Tool Chain Reference

npm

npm is a package manger for Node.js. We rely heavily on npm to install our gulp tasks, and also to install some of our tools like Bower and gulp itself. If you've installed Node.js then npm should already be available on your system. Be sure to familiarize yourself with npm first and foremost as it is used throughout the component/Predix landscape.

Gulp

We use gulp to build all of our components and Design Extensions. Take some time to familiarize yourself with the gulp documentation.

The Component Seed comes with two built in gulp tasks: gulp serve and simply gulp. The default gulp task will clean, build css and a Polymer style module from the .scss files in the /sass folder. The gulp serve task will start up a http server to serve up your documentation/demo pages as well as Browsersync to automatically reload the page as HTML changes as well as recompile sass into css (and reload the current page) as it changes.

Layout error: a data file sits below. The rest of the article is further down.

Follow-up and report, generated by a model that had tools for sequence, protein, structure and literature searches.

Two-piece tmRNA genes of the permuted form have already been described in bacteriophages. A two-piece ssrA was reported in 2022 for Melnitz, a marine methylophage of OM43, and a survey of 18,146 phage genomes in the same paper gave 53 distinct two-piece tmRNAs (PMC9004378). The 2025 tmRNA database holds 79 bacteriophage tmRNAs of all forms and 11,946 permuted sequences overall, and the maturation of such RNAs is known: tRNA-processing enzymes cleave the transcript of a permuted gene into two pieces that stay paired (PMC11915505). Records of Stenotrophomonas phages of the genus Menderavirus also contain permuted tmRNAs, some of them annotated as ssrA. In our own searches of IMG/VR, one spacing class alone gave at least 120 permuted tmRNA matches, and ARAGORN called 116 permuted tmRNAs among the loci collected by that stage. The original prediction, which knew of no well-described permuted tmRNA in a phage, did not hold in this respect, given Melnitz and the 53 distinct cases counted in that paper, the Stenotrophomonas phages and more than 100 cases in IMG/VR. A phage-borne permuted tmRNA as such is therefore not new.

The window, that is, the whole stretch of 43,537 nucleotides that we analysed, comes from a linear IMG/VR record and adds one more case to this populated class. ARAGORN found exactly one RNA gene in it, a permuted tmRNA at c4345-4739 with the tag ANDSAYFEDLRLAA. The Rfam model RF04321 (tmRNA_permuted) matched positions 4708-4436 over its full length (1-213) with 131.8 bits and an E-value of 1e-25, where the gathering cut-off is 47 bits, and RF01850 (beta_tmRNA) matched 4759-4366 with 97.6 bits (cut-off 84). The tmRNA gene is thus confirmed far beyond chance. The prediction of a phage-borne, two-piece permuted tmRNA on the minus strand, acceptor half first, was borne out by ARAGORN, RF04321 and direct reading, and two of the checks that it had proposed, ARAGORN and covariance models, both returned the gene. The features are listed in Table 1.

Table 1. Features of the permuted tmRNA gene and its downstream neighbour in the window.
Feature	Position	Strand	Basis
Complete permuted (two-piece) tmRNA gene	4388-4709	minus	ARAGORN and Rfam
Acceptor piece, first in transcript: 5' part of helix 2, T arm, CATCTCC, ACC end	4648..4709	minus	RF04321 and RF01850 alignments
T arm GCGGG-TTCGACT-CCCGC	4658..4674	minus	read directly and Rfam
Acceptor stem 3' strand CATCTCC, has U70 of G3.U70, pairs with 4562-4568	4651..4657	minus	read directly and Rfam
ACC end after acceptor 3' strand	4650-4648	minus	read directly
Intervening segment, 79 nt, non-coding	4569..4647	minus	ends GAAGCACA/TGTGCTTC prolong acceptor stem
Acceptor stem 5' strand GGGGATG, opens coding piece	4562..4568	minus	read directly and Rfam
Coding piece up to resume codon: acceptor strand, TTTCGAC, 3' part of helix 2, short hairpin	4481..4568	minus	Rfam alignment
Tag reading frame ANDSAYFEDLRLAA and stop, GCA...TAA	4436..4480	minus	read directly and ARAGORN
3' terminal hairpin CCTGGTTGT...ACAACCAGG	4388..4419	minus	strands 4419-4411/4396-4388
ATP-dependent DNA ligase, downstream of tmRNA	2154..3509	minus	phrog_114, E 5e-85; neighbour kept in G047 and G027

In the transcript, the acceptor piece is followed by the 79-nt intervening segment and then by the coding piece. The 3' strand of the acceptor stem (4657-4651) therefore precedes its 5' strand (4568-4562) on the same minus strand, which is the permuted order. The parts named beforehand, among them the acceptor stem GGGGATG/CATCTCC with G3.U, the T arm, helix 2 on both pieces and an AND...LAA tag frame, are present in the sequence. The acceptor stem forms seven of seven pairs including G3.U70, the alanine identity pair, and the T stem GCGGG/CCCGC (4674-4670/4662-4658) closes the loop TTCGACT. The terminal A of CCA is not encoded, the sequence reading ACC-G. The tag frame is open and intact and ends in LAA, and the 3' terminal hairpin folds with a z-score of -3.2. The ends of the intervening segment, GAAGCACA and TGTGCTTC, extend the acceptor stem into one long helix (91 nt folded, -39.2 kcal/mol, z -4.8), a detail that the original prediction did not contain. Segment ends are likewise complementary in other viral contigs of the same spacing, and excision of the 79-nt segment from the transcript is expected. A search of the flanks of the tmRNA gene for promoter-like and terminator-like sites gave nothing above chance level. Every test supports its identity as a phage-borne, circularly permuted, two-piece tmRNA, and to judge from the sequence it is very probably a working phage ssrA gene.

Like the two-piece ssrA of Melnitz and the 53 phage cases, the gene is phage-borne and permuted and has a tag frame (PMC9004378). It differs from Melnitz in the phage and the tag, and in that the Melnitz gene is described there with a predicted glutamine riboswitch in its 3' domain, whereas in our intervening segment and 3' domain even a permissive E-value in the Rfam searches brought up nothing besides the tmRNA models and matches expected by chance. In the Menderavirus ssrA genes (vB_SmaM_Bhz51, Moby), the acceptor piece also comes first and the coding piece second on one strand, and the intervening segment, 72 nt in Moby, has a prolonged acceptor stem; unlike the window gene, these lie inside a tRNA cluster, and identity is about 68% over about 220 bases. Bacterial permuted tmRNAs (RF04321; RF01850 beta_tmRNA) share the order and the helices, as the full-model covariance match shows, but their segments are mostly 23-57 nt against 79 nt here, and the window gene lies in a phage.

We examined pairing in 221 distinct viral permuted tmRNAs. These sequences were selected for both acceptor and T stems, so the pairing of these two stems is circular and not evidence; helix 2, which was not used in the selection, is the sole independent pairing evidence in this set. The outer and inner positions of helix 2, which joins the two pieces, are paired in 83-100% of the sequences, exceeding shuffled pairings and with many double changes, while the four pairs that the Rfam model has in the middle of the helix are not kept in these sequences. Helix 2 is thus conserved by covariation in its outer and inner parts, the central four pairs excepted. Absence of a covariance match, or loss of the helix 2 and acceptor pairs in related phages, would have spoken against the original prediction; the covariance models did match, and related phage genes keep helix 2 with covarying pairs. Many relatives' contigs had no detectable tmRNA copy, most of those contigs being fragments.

Bower

Bower is a package manager for the web, primarily focused on front-end JavaScript. We use bower to install all of our component dependencies and we would strongly encourage you to do the same. By using bower, teams are able to easily add your component to their project and update it as it is improved. Bower removes the need for a lot of manual copy/paste work which can lead to errors and generally eats up time.

Sass

We request that all components provide their styles in Sass format. This allows us to better leverage variables for color palettes, typography, etc. In this way components can have a consistent look and feel across all Px components. It also ensures that they have a known API to program against and they're not inventing things which won't work in all systems.

By default the task will attempt to compile all Sass files in the sass/ folder to individual stylesheets.

RECOMMENDED READING

Inuit CSS - Scalable and Modular Architecture for CSS

Javascript the Good Parts - Insights into Javascript by Douglas Crockford


FAQ

What does the tilde "~" mean in the version numbers?

The tilde is used to specify a version range. ~1.9.1 translates to "any version greater than or equal to 1.9.1 but less than 1.10.0".

Bower uses Semantic Versioning (aka semver) just like npm. Here's a great explanation of all the ways you can specify version ranges in semver. Any component in the Design Extension ecosystem must use semantic versioning, otherwise tools like bower will be unable to consume it.